Which Stage of Survival Are You: Victim, Survivor, Thriver?

Originally published on Humans.media on May 15, 2017 By RACHEL THOMPSON.

The answer isn’t as easy as you think.

At what point does a sexual abuse survivor (or any trauma survivor) go from victim to survivor, from survivor to thriver?

In our society, the term victim has a negative connotation (don’t be a victim! a constant mantra); however, in a purely legal sense, those of us who have been victims of horrific sexual abuse or traumatic events are recognized by the law as victims, just as those who perpetrated those crimes are perpetrators. What happened to us is criminal, and those who committed these crimes are criminals.

Telling us to ‘get over it,’ puts the onus on us, when we didn’t do anything wrong. Children don’t sexually abuse themselves. Rape victims don’t rape themselves.

Societal Ignorance

There’s such a huge amount of ignorance when it comes to people who treat victims of sexual abuse crimes and traumatic events. We’re told constantly to “move on, get over it, don’t be a victim,” as if we can simply put a little adhesive bandage on those feelings of shame, guilt, fear, anxiety, and whole host of other PTSD (post-traumatic stress disorder) symptoms that become a victim’s unwanted best friend, post-trauma.

As a survivor of childhood sexual abuse at age eleven, I’ve never consciously considered myself a victim, even though I unknowingly suffered from many of what I mentioned above (not realizing all that ‘stuff’ had a name until later, in therapy). My parents didn’t know how to deal with it, so in their own shame and guilt, they swept it under the proverbial rug.

Finding my own way became my M.O., and it worked — or it seemed to — until I became a mother and my façade came crashing down.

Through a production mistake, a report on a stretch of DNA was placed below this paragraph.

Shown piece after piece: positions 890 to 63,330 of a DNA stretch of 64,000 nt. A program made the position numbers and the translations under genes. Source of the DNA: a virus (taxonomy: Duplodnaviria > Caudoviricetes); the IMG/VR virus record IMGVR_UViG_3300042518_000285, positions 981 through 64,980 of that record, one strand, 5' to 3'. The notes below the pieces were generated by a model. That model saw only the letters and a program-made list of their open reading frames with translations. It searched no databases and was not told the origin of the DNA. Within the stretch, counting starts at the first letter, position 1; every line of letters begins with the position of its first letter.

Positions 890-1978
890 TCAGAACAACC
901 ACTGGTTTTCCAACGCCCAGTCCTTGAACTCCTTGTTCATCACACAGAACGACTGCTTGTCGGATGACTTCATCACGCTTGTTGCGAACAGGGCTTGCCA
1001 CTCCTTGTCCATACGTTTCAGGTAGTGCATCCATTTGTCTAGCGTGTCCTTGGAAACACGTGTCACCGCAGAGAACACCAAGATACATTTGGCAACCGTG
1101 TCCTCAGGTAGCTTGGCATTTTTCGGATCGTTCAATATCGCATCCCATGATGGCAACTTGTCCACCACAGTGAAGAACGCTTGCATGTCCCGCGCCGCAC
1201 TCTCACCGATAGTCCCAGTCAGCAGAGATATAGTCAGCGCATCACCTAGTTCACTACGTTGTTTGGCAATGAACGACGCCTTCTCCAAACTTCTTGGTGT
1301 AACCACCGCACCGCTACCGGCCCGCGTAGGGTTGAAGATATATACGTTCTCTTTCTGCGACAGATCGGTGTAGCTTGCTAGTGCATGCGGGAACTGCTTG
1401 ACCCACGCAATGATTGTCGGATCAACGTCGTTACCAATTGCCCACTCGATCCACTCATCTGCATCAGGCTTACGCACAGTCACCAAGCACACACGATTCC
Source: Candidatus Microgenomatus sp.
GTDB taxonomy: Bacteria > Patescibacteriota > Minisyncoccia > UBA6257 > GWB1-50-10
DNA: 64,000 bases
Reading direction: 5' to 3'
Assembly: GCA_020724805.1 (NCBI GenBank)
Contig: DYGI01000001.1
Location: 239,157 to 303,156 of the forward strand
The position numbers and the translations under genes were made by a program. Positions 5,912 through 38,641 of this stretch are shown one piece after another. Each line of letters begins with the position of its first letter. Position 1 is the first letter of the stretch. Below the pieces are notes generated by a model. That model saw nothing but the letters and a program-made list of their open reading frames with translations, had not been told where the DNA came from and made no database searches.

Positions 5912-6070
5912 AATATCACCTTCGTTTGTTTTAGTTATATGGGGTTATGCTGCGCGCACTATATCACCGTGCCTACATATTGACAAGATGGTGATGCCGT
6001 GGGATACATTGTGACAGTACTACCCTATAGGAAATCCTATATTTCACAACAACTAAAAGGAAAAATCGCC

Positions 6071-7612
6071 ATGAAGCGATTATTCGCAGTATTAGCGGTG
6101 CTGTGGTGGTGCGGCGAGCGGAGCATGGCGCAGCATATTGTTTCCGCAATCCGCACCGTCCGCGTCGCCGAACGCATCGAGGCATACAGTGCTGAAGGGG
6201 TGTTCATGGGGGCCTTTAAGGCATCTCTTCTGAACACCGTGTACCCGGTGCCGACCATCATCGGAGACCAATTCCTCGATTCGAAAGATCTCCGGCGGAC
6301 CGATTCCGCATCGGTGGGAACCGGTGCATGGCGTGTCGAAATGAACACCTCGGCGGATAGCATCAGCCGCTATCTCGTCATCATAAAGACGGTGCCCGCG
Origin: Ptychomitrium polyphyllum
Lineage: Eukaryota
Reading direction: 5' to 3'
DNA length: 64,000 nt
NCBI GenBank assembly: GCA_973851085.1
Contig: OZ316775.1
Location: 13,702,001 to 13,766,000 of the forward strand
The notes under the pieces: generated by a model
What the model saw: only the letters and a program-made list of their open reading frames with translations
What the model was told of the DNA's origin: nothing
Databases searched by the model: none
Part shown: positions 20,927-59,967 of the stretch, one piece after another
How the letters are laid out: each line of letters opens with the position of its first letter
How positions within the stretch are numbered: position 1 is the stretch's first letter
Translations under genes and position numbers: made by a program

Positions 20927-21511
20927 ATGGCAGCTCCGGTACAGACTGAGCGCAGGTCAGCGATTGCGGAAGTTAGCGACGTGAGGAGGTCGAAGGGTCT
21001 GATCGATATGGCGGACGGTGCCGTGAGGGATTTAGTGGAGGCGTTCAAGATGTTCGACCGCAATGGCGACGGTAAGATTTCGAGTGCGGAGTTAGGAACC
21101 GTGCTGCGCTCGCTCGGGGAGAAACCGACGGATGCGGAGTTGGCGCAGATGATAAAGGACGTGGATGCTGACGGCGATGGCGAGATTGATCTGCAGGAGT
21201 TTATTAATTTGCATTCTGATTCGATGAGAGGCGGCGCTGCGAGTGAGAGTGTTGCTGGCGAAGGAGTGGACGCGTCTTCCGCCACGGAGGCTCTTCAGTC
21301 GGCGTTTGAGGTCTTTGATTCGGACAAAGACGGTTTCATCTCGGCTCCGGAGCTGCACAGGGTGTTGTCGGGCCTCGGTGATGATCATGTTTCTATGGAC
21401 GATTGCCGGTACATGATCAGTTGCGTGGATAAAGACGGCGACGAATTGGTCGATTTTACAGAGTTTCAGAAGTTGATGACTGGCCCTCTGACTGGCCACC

Depression, anxiety, hyper-vigilance, constant worrying about how to keep my baby safe became my constant obsession — I had moved back from survivor to victim again, and I did not want to be there.

Thank goodness, I got help.

The Three Stages of Survival Defined

According to GoodTherapy.org:

The Victim Stage:

An individual in the victim stage feels as though he or she is still in the trauma — no matter how long ago the actual traumatic incident(s) occurred. The sense of being in that moment of time permeates the person’s feelings, thoughts, and behaviors and even his or her sense of self. It is common for an individual in this stage to avoid many emotions while experiencing in abundance feelings of helplessness, vulnerability, fragility, self-pity, numbness, defeat, shame, self-hatred, and discouragement.

The Survivor Stage:

Is the time when one begins to feel strong and confident and to truly believe that there are resources and choices. A key realization of this stage is that an individual has gotten through the trauma intact, or mostly intact, and is indeed outside of it. This understanding allows the person to begin integrating the trauma into his or her life story, to take control of life, and to recognize potential for change and growth, with less suffering, less pain, less guilt, and definitely less depression.

The Thriver Stage: